(This post was originally published on July 2, 2012. We’ve updated it for accuracy and completeness.)
Many types of retailers use drop shipping as a powerful strategy. It works well for merchants where purchasing inventory is risky or not affordable. It even works for established retailers looking to diversify their product line.
While drop shipping can increase sales, it can also have its share of problems.
If you’re considering drop shipping, you need to understand these issues. Learn how to avoid these costly mistakes that many learn the hard way.
What is Drop Shipping?
Drop shipping relies on a relationship that exists between a seller and a manufacturer or supplier of a product.
When drop shipping, the seller does not keep goods in stock, or just a very limited amount (especially if the business maintains a brick-and-mortar location). When a customer places an order, the merchant routes the order through the item’s supplier. The supplier receives the order and proceeds to pack and ship it to the customer.
The best part is that the customer receives the order as if shipped by the merchant directly! The suppliers is invisible to them.
Drop Shipping Benefits
There are many reasons for companies to consider using drop shipping services:
- A business such as a blog site or non-profit, may want to supplement income by offering complementary products for sale on their web site. They don’t always have the time, money or resources – and often experience – to invest in buying and storing inventory. With drop shipping, they don’t have to.
- Companies that sell online may want to test items that they’re not sure will sell quickly. They use drop shipping to avoid having to purchase wholesale items that may or may not sell.
- Online auction sites or sites that solely exist on the Internet will use drop shipping to manage varying orders and to save money by not requiring space to store products.
- Custom products (like T-shirts) are often sent to a manufacturer that will create the item and drop ship it for the retailer.
- New online sellers use drop shipping as a way to incur less costs and get up and running quickly.
With these kinds of benefits, it’s no surprise then that so many retailers utilize this practice. However, drop shipping has problems to go along with all of its advantages.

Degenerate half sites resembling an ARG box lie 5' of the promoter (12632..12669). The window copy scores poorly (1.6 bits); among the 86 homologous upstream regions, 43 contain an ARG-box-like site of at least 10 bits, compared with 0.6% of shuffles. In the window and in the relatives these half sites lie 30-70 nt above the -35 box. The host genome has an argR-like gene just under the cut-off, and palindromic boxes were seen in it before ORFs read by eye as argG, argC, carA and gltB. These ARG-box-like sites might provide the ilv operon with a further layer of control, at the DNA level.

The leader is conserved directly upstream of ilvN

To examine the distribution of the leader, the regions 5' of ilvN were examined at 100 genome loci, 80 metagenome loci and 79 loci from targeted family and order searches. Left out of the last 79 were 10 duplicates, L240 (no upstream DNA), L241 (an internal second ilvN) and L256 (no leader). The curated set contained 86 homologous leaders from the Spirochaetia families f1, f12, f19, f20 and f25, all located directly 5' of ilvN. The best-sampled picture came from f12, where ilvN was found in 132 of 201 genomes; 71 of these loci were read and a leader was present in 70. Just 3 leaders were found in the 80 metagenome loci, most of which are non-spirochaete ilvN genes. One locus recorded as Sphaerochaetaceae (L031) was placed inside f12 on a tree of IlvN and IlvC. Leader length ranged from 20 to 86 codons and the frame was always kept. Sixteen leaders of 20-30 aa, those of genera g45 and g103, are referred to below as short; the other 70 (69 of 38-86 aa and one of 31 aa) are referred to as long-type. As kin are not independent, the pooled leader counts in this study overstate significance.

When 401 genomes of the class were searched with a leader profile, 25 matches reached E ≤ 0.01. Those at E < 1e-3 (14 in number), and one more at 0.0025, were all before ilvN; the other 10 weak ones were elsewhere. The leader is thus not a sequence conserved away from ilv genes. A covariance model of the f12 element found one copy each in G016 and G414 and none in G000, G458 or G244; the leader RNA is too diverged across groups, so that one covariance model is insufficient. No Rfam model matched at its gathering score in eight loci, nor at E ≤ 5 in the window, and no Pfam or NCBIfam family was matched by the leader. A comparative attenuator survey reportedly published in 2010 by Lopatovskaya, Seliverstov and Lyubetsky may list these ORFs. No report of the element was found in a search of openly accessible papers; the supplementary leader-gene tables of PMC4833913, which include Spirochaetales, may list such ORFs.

Common Drop Shipping Problems
It’s important to know the issues that sometimes arise with drop shipping and what you can do to avoid them.
Here are a few pitfalls that make retailers wary of the practice:
Visibility and Communication
Drop shipping relies on a tight relationship between the merchant and supplier. When an order is sent, a retailer must know the supplier received it, whether it’s in stock, and when it ships.
Retailers fear that they will be left in the dark about the order’s status. If a customer asks about their order, the seller must answer. A supplier should be transparent about shipping schedules, but that is not always the case.
Sellers need to understand the prices of the wholesaler they work with. It is important that you know the total price of every drop shipped item (the product, shipping, etc.). This helps to accurately set prices in your store.
Some drop ship companies attract sellers with low wholesale price of items, but make their money by tacking on outrageous shipping charges.
Picking the Right Vendor
Merchants must be diligent about who they decide to work with. Drop shipping is now a more popular, feasible practice. Merchants should be wary of posing vendors offering false “wholesale” prices hoping to take advantage of new sellers. They offer “wholesale” prices that are actually marked up.
Read this article How to Find Drop Ship Suppliers for tips on how to find the ones best for your business.
The product moves through many hands from the manufacturer to the consumer. Each entity hikes the price up along the way. This allows the merchant to make a profit.
However, online selling is very competitive. Merchants often find themselves in a pricing war to continually lower their price. This results in merchants selling at very low margins, even at a loss!
Margins vary greatly depending on the product type.
Suppliers run out-of-stock, too. This is a common problem of drop shipping, especially with popular items. It’s often out of the seller’s control.
The wholesaler should keep you updated. However, it’s up to you to ensure that your customer is able to receive their products, or arrange for a substitution if possible.
Remember that the supplier is invisible to the consumer. Answering to the customer is your responsibility.
If these types of problems aren’t taken care of, see how drop shipping can ruin your business
How to Avoid Drop Shipping Problems
What’s the easiest way to avoid these drop shipping problems?
That’s easy: research, visibility and communication.
Be sure to do your homework on drop ship suppliers you wish to do business with. Investigate their past performance, read reviews from other sellers. Contact the drop shipper directly with any questions you may have.
Doing your due diligence from the beginning will save you plenty of headaches in the future.
Drop shipping is a complex process. Once established, merchants can use a solution like nChannel’s to ensure you get all the visibility you need between your suppliers.
To get started, check out our Drop Shipping 101 Guide to learn everything you need to know!